Half year review of law firm strategy and finance

Posted on: August 8, 2013

As I absorb most of my news through social media these days, I occasionally go through “the great reading pile” that accumulates in my office.  What’s interesting about this approach is that it is much easier to spot the general trends in law firm strategy and financial performance:

  • Cost cutting – Redundancies of both legal and support staff and cancelled trainee schemes, sometimes as part of a restructuring but usually as part of a cost cutting programme
  • International expansion – Driven by firms seeking faster growth (albeit with added risks) outside their domestic market. And conversely, the impact of non-UK firms entering and succeeding in the UK market
  • Governance and management – Several firms removed the senior partner role and appointed senior non-lawyers and Non-Executive Directors to their management teams

Some of the things that caught my eye (I think in terms of outliers or early warning signals) were:

  • Financial performance – good
    • US firm Quin Emanuel (in London for less than five years) tops the London revenue per lawyer table with $1.88m and jointly leads revenue per partner table with Davis Polk at $5.7m
    • Dechert’s UK revenue is up by 44%
    • DWF posted a turnover rise of 85% to £188m (increasing PEP from £412,000 to £429,000 and increasing net profit by 41%). Yet most of this was fuelled by acquisitions and lateral hires
    • Within the top 25 Pinsent Masons posted a revenue increase of 39.8%, RPC showed a 20.7% increase and Macfarlanes achieved 11.7%. But many of the others showed increases less than 5% (Whilst average growth was 10.3% the median was 5.5% and mode was 1%).
    • Outside the top 50, Kennedys’ revenues increased by 9% to £117m through its international network and lateral hires
  • Financial performance – poor
    • Startup LawVest (backed by DLA Piper) posted a £3.2m loss after 16 months of trading but expects to see income increase as the full £7m investment takes effect
    • Merged Howard Kennedy with Finers Stephens Innocent (FSI) released a combined turnover of £40.6m and PEP (Kennedys) has fallen by 52.4% (from £269,000 to £128,000). However, they have increased equity from 22 to 70.
    • At the bottom end of the London revenue per lawyer is Squire Saunders Hammond ($360,000), K&L Gates ($900,000) and Mayer Brown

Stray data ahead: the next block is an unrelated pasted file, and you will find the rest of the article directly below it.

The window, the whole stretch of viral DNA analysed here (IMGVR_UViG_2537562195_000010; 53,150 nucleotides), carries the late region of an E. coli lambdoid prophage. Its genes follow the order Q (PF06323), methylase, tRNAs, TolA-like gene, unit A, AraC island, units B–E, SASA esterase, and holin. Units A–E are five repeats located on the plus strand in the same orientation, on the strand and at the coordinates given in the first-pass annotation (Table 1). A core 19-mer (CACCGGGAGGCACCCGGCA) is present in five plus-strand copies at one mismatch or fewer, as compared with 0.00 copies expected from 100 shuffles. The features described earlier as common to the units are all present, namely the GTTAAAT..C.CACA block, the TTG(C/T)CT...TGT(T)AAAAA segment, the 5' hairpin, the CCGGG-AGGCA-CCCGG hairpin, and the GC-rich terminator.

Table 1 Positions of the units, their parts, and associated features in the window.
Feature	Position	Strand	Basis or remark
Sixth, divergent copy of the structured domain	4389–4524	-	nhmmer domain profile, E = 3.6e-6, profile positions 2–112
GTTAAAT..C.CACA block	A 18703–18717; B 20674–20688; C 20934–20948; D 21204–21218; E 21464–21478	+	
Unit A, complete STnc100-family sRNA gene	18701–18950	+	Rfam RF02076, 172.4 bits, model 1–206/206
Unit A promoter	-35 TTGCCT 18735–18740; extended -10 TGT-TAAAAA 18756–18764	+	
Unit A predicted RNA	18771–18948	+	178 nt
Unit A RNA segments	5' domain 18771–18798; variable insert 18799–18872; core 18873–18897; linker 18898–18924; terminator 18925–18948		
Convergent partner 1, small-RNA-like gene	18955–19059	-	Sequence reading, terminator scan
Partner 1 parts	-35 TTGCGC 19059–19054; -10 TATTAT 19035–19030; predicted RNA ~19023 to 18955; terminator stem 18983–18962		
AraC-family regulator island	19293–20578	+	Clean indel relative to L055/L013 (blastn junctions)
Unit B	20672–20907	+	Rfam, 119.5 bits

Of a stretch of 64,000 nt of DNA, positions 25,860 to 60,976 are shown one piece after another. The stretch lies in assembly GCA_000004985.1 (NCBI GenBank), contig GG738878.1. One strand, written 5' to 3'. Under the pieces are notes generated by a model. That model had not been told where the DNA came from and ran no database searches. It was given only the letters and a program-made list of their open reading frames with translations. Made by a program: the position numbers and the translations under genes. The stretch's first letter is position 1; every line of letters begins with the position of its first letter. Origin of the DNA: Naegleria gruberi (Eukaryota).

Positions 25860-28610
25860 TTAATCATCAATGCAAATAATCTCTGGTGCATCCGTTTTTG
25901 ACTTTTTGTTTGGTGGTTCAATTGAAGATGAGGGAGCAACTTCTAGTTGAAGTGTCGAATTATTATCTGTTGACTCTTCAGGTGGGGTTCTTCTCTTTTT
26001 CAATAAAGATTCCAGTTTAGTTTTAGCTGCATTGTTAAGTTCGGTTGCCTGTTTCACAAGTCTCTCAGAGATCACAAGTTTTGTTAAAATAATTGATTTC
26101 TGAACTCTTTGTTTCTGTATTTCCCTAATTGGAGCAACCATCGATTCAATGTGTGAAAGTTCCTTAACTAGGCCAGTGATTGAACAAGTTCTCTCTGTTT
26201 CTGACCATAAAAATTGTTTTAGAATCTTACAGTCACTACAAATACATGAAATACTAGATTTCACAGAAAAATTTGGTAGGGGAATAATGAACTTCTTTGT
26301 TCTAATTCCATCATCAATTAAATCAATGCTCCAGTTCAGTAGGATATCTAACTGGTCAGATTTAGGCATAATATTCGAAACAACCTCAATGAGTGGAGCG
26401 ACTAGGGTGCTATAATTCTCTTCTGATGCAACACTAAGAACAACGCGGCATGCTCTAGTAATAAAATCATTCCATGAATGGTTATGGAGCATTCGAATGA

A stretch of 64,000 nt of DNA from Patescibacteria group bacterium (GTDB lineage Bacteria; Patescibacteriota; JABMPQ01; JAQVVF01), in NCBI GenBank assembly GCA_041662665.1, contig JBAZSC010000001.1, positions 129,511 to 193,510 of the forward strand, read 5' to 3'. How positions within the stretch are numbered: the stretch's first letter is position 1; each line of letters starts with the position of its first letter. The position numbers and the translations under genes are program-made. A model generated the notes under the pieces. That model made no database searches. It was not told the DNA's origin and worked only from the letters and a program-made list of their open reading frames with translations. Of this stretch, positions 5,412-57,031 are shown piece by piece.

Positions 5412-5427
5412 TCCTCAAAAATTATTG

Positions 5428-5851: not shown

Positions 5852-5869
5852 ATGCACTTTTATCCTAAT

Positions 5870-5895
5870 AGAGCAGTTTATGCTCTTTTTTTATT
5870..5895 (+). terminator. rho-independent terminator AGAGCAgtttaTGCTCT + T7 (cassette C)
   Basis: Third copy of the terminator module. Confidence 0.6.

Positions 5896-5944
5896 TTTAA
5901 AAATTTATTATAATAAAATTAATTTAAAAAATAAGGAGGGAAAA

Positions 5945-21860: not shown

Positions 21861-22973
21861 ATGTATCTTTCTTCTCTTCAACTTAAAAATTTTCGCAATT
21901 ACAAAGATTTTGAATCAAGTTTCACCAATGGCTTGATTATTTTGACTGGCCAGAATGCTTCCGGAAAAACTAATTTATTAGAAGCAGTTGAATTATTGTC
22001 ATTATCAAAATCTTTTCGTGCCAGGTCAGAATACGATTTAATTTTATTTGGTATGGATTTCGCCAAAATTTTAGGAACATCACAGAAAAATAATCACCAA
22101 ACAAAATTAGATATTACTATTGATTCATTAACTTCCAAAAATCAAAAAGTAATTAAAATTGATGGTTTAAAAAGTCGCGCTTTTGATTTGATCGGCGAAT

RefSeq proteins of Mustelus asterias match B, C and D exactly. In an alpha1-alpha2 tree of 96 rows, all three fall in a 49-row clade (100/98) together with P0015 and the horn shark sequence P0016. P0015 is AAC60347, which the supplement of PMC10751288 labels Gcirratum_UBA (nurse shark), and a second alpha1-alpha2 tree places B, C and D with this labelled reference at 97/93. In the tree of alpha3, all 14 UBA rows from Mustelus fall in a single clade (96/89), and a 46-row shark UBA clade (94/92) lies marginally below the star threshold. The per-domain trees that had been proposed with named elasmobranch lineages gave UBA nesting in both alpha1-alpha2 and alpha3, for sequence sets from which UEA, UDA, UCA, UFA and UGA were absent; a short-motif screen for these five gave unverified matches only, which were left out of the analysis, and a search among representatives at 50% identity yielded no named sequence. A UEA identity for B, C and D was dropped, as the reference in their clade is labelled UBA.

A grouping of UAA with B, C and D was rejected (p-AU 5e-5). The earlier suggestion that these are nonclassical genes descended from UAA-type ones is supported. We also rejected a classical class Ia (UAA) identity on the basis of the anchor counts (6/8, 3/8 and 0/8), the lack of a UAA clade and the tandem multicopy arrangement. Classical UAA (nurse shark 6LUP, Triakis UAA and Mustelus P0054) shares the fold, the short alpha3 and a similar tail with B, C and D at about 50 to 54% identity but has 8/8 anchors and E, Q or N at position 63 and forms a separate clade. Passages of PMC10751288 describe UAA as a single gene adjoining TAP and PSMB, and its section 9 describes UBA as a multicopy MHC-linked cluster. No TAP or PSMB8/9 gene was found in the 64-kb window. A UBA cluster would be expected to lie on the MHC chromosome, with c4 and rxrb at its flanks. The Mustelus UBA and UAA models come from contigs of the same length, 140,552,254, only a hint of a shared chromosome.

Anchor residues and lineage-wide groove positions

• Manches profit fell 42% to a 10 year low and average PEP has fallen below £200,000 (down 42.6%).
    • The SRA identified 150 firms “experiencing very significant financial difficulty”
  • Aims and strategy
    • Mishcon de Reya  launched a three year growth plan to achieve £100m focusing on litigation, UK intermediaries and international relationships, ABS products and internal engagement
    • Overseas expansion, industry sector focus (the rise and rise of the niche) and service delivery dominate the mid-tier with firms such as Taylor Wessing, Osborne Clarke, Olswang, Bird & Bird and RPC adopting these strategies (these five firms increased revenues by an average of 30% between 2008/09 and 2012/13)
    • Dealing with over-supply and globalisation are amongst the primary focuses although many firms look inwards to efficiency rather than outwards to innovation to tackle the challenges
    • Human resources – Tweaks to graduate recruitment programmes, “Unconscious bias” and diversity training as well as leadership development appear to be in vogue
    • As I have observed recently in various blogs, pricing, project management (there were several articles about firms tackling legal process analysis) and product development are emerging areas of interest. A survey of the top 100 firms showed that 41% were concerned with brand differentiation while 60% of the top 10 said that pricing was their greatest challenge (aren’t the two inextricably linked?). It was interesting to see that Olswang went public on its quest for a pricing expert (albeit with a financial background as opposed to one in economics, psychology or marketing)
  • Business Development – a shift from marketing to selling
    • Business (as usual) development – whilst many understand “sales pipeline management” it was Baker & McKenzie that grabbed attention for boosting revenues with successful implementation whereas others have concentrated effort on referral management and key account programmes. Allen & Overy was noted for its EPIC (Experience Pitches and Contacts) sales support system
    • Much of the other coverage of marketing and business development was either on the challenge of embedding better processes (e.g. CRM, pitching and client listening systems) or making them more efficient. Perhaps the real innovation here is being kept under wraps?
    • Innovative business development – I have written previously about Mishcon de Reya’s programmes on things such as FT collaboration and the use of Jazz FM http://kimtasso.com/case-study-law-firm-marketing-mishcon-de-reya. Other areas mentioned were the shift to on-line and mobile services and the impact of social media on brand and client interactions 
  • Sector changes
    • The number of law firms registered in England and Wales declined by 1% to 10,102 – the lowest since 2007
    • Black, Asian and minority ethnic (BAME) solicitors now make up more than a quarter of admissions – and increase on the 16% in 2002 and 20% in 2007
    • In an interview with a public sector GC, he said that in competitive bids he would expect firms to offer training and secondment opportunities to those young people in its care. Clients clearly expect their lawyers to go way beyond the legal domain now and add value in more creative ways
    • Whilst most of the media attention went on the marketing of big (ABS) brands, there was little comment about the new advertising campaign by Slater & Gordon for employees experiencing difficulties at work


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